I’ve had the opportunity of trying some test in a customer with a SAP BW/4HANA in order to improve performance in his reports. This customer has a modern infrastructure with a SAP BW/4HANA (BW 7.5, HDB 2.0) with an intensive reporting with AFO, webi and other third-party tools.
The reporting models have been built using mixed (or hybrid) scenarios following the LSA++ methodology. The different models are heterogeneous, some models are based mainly in HANA views (and using BW “only” for acquisition layer with a Composite Provider + query in top), and others models are using complex composite providers.
2. Business case
Using a copy of production environment, we want to try different actions that should require low effort in order to improve the performance reporting. These actions will be designed only from a technical point of view (no functional topics analyzed).
Our system has high amount of records (billions in some cases) and is loaded 4 times a day.
We compare performance before and after apply the actions.
3. Technical optimizations
There are some acknowledged best practices that are NOT subject to explanation in detail in this post.The goal of this post is explain the results obtained after applying these techniques in order to evaluate them.
3.1 ADSO partitioning (physical and logical partitions)
Our BW4 has a few ADSO much bigger than others, so is logic to start focusing in these ADSO. I have to admit that the results have surprised me by being quite different from what I expected: we have gained relevant improvement only in certain circumstances.
About partitioning… physical partition or logical partition?
We have tested with physical and logical partition (with semantic group), with the following improvement in performance:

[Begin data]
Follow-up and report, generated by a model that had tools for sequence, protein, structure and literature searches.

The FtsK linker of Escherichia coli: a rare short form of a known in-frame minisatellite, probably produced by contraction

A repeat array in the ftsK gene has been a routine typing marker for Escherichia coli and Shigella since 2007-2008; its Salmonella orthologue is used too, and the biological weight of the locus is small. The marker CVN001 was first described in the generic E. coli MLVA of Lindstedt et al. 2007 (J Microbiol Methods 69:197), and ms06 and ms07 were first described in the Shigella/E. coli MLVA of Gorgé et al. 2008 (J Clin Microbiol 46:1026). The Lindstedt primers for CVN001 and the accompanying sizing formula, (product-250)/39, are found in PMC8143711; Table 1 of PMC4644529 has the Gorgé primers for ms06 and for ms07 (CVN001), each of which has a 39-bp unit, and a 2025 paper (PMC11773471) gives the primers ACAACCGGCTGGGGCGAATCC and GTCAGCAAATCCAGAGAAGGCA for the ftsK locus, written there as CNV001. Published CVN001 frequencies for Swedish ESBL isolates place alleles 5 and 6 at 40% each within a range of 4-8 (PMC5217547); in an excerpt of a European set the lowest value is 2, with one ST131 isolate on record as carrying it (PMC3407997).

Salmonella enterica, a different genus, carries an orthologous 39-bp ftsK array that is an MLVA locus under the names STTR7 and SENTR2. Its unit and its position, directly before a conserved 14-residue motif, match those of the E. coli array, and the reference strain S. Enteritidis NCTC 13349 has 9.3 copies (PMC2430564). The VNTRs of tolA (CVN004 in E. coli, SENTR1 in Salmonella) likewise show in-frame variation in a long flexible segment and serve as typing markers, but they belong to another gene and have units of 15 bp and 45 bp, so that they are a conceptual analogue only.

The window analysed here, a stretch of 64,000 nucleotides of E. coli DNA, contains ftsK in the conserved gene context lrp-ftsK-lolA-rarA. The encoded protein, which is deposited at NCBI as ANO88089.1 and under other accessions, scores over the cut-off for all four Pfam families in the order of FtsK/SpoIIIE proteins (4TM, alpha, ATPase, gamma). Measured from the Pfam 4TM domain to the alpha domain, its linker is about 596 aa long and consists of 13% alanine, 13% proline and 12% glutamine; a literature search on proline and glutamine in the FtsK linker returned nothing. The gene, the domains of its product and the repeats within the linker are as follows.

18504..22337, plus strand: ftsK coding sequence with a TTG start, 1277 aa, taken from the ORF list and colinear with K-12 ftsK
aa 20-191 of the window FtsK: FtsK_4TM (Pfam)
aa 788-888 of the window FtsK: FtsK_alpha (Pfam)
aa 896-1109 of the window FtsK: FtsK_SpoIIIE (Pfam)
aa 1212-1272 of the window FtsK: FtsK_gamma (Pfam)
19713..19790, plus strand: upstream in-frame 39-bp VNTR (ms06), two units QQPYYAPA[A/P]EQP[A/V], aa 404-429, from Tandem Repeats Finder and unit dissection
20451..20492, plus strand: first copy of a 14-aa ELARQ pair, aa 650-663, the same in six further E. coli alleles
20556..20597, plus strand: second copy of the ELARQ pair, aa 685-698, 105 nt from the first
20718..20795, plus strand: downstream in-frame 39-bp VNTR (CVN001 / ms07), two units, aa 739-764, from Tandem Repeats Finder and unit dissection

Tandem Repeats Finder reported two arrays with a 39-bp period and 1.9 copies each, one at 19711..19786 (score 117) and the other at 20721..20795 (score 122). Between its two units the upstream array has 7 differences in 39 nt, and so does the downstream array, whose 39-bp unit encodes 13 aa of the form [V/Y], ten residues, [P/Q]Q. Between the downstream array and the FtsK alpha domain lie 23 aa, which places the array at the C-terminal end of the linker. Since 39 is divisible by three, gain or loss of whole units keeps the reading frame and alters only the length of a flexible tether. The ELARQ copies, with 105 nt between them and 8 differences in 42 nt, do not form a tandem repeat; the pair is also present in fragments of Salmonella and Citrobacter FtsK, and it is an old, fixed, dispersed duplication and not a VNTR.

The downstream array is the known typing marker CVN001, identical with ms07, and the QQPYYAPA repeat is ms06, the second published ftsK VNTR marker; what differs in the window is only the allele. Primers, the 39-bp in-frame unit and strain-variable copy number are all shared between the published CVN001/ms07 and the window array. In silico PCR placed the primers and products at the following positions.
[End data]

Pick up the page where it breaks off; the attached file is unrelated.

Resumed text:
My conclusions here are:
- We have (obviously) different results in the same query depending on the selection and drill-down done.
- Partitioning only works when the ADSO has more than 2 billion of records.
- ADSO with less of two billion, physical partition can be harmful. Logical partition with semantic group is neutral (but can be interesting to implement it for other reasons, not only for performance reasons).
(*) Obviously, if we are partitioning by fiscal period and our query is asking for fiscal year, we have to change this (there are some ways to do this).
!: Important: the models tested have a few ADSO much bigger than others, but these models are complex too, this is, the models don’t have only a big adso, but also several joins and others ADSO involved. Is for this that the gain with the partitioning has been modest in some cases.
For the same reason, removing historical data from these ADSO didn’t have relevant improvement: We removed 20% of historical data in these ADSO and we only obtained 2-5% of gain in performance.
A different case was a model that was relatively simple, with few joins and only one relevant ADSO with 1 billion of records. We detected that this ADSO was partitioned by fiscal year, however the queries were using fiscal period. After changing the partitioning criteria, the gain was 8%-35%, depending on the values selected in the query.
Finally, comment that we had some problems with the “remodelation process” of these big ADSO. We finally decided to do first a copy of them, drop the data in the ADSO, to do the partition and reload from the copy.
3.2 Add input-parameters in HANA views
I’ts recommended by SAP that data must be filtered as early as possible using input parameters. This means for example that if you have a projection reading an ADSO, you should have an input parameter in this projection (or/and a filter if possible).
Some of the models had the filters (variables) in the BW-query in the top. Changing the model by adding a input parameter instead a query-filter, we had about 5-20% of improvement, depending on the model and the data requested.
3.3 Join on Key columns and indexed columns
Sometimes, we think that the primary keys and indexes are not relevant in HANA environments. However, SAP recommends that all relevant joins should be done using the key columns or indexed columns.
We checked all the mains joins and we added indexes where needed. I have to admit that the results were not good. In most cases the gain wasn’t relevant or even a little bit worst.
Only in one case, where some fields were used in several joins in a view, we gained about 17% of performance. This join was at customer level in an ADSO with 700 millions of records.